Saturday, 18 February 2012

Losing Old Customers, Customer Retention, Customer Service

“How can I keep my customers?  I have 30 new customers a day coming to my store, but my old customers are not coming back. So, what’s the secret of keeping my customers”?

These were the questions of Marcy to me yesterday. Marcy is a start-up owner of a fast-food restaurant in a good location. She was telling me her restaurant attracts new customers everyday,  yet many customers were not coming back in a month.
Marcy’s dilemma is common. I also heard bank managers talking about signing up many new accounts in a month, yet, also losing just as many old depositors during the same month.
Why is this so? I think this is a problem of customer retention. It seems that many businesses and companies have no policy on customer retention, on how to make customers satisfied and happy and thus, making them patronize the business, again and again.
But if you look at it, customers are the heart of any business – whether a restaurant, a bank, a hardware, a hospital, etc. Without customers, there is no business.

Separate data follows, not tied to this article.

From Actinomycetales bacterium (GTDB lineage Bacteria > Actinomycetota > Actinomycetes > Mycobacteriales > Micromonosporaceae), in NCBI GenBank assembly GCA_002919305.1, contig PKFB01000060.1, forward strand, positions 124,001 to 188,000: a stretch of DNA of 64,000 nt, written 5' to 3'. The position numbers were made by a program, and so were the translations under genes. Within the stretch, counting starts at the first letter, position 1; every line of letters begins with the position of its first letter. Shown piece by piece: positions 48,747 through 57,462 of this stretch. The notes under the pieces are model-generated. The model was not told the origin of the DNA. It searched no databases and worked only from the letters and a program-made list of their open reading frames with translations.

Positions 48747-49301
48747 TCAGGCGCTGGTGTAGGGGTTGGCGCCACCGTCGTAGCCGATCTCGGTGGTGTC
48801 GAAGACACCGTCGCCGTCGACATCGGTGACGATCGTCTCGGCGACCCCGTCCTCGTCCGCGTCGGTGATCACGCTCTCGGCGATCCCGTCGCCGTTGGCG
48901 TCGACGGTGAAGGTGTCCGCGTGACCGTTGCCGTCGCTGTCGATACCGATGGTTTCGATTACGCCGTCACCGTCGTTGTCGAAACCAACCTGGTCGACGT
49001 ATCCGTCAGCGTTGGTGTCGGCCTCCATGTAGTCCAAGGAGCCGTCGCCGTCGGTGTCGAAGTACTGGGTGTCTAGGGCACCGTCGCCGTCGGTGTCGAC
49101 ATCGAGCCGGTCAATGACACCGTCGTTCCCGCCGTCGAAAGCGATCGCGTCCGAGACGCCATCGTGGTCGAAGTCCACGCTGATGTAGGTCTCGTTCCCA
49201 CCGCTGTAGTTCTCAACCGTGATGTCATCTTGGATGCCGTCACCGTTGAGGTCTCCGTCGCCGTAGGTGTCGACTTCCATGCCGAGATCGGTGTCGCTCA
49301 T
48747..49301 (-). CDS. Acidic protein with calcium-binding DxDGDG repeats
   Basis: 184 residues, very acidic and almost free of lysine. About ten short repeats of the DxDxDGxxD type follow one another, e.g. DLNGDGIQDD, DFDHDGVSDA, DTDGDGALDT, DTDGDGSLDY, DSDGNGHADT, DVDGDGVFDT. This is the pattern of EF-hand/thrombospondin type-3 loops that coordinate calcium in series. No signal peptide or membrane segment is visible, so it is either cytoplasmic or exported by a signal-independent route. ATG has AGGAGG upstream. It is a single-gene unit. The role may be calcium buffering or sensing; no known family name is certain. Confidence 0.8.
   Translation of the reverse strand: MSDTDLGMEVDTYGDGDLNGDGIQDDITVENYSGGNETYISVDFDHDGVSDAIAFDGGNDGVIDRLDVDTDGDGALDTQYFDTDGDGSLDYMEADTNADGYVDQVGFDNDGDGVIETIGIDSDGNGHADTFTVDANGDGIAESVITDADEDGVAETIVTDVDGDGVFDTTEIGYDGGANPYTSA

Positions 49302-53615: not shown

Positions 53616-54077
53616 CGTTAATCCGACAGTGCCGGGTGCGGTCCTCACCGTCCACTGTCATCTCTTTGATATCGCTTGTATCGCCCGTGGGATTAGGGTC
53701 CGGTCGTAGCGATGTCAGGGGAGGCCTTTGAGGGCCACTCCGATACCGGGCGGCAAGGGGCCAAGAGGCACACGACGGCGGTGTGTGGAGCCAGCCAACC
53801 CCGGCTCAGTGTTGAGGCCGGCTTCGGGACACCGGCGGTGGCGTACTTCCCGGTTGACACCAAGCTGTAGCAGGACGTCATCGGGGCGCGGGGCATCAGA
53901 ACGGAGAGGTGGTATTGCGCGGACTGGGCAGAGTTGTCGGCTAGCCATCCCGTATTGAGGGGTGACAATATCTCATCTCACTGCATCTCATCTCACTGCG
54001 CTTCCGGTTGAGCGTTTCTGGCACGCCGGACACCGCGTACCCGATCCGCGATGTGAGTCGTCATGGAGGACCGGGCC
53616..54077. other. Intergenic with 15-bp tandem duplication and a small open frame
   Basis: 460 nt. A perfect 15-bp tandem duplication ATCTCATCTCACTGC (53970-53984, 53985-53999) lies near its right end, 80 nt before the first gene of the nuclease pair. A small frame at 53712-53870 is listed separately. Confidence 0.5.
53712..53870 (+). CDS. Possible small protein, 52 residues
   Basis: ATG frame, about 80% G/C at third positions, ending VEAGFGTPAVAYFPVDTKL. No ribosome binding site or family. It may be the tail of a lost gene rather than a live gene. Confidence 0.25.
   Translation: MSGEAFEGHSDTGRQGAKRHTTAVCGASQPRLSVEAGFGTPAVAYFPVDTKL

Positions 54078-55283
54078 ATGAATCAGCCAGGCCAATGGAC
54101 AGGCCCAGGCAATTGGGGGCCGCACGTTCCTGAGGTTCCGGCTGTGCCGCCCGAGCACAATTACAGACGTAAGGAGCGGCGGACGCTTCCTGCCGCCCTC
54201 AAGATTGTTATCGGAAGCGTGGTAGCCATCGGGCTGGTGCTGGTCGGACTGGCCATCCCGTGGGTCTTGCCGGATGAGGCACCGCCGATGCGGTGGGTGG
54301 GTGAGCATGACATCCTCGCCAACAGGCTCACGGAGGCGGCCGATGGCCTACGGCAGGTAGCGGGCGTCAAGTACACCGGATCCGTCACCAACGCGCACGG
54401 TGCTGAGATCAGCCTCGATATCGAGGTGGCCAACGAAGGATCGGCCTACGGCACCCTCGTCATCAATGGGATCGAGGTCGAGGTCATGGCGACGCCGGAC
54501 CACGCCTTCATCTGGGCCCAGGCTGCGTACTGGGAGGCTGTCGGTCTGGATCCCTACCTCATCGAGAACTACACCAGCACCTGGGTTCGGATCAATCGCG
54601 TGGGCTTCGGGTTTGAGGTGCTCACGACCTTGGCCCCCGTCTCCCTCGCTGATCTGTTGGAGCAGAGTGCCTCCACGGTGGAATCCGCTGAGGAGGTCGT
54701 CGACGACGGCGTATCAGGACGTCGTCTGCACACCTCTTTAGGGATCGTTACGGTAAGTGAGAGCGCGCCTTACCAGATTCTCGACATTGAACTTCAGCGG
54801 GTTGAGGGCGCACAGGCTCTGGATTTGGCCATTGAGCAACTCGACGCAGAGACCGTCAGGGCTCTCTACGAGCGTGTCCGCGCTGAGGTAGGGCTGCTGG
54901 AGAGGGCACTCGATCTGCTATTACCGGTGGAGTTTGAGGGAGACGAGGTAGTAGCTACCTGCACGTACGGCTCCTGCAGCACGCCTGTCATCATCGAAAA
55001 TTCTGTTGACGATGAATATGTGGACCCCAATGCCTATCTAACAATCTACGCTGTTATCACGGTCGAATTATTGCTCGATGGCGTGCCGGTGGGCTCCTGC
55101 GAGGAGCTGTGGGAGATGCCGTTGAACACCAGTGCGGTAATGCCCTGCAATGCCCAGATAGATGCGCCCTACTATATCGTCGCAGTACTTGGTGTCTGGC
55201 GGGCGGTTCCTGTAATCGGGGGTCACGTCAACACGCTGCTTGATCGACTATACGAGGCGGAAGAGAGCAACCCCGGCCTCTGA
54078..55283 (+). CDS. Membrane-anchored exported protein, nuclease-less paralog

In the face of competition, where many companies sell the same products and offer similar services, one best way to differentiate your business from that of the competitors is through customer service.
Thus, making new customers is just as important as keeping the existing ones. Existing customers, those who patronize the business, not only buy more goods and services, but also refer new business.
Customers also affect not only sales revenue and profit, but also employee morale and their performance. If the customers are satisfied and happy, the business will be stable, and the employees are more likely to stay.
This results to reducing employees’ turnover, cost of hiring new employees, training expenses and customer service mistakes by new but inexperienced employees.
It all boils down to having customer retention policy, which is also part and parcel of customer service.

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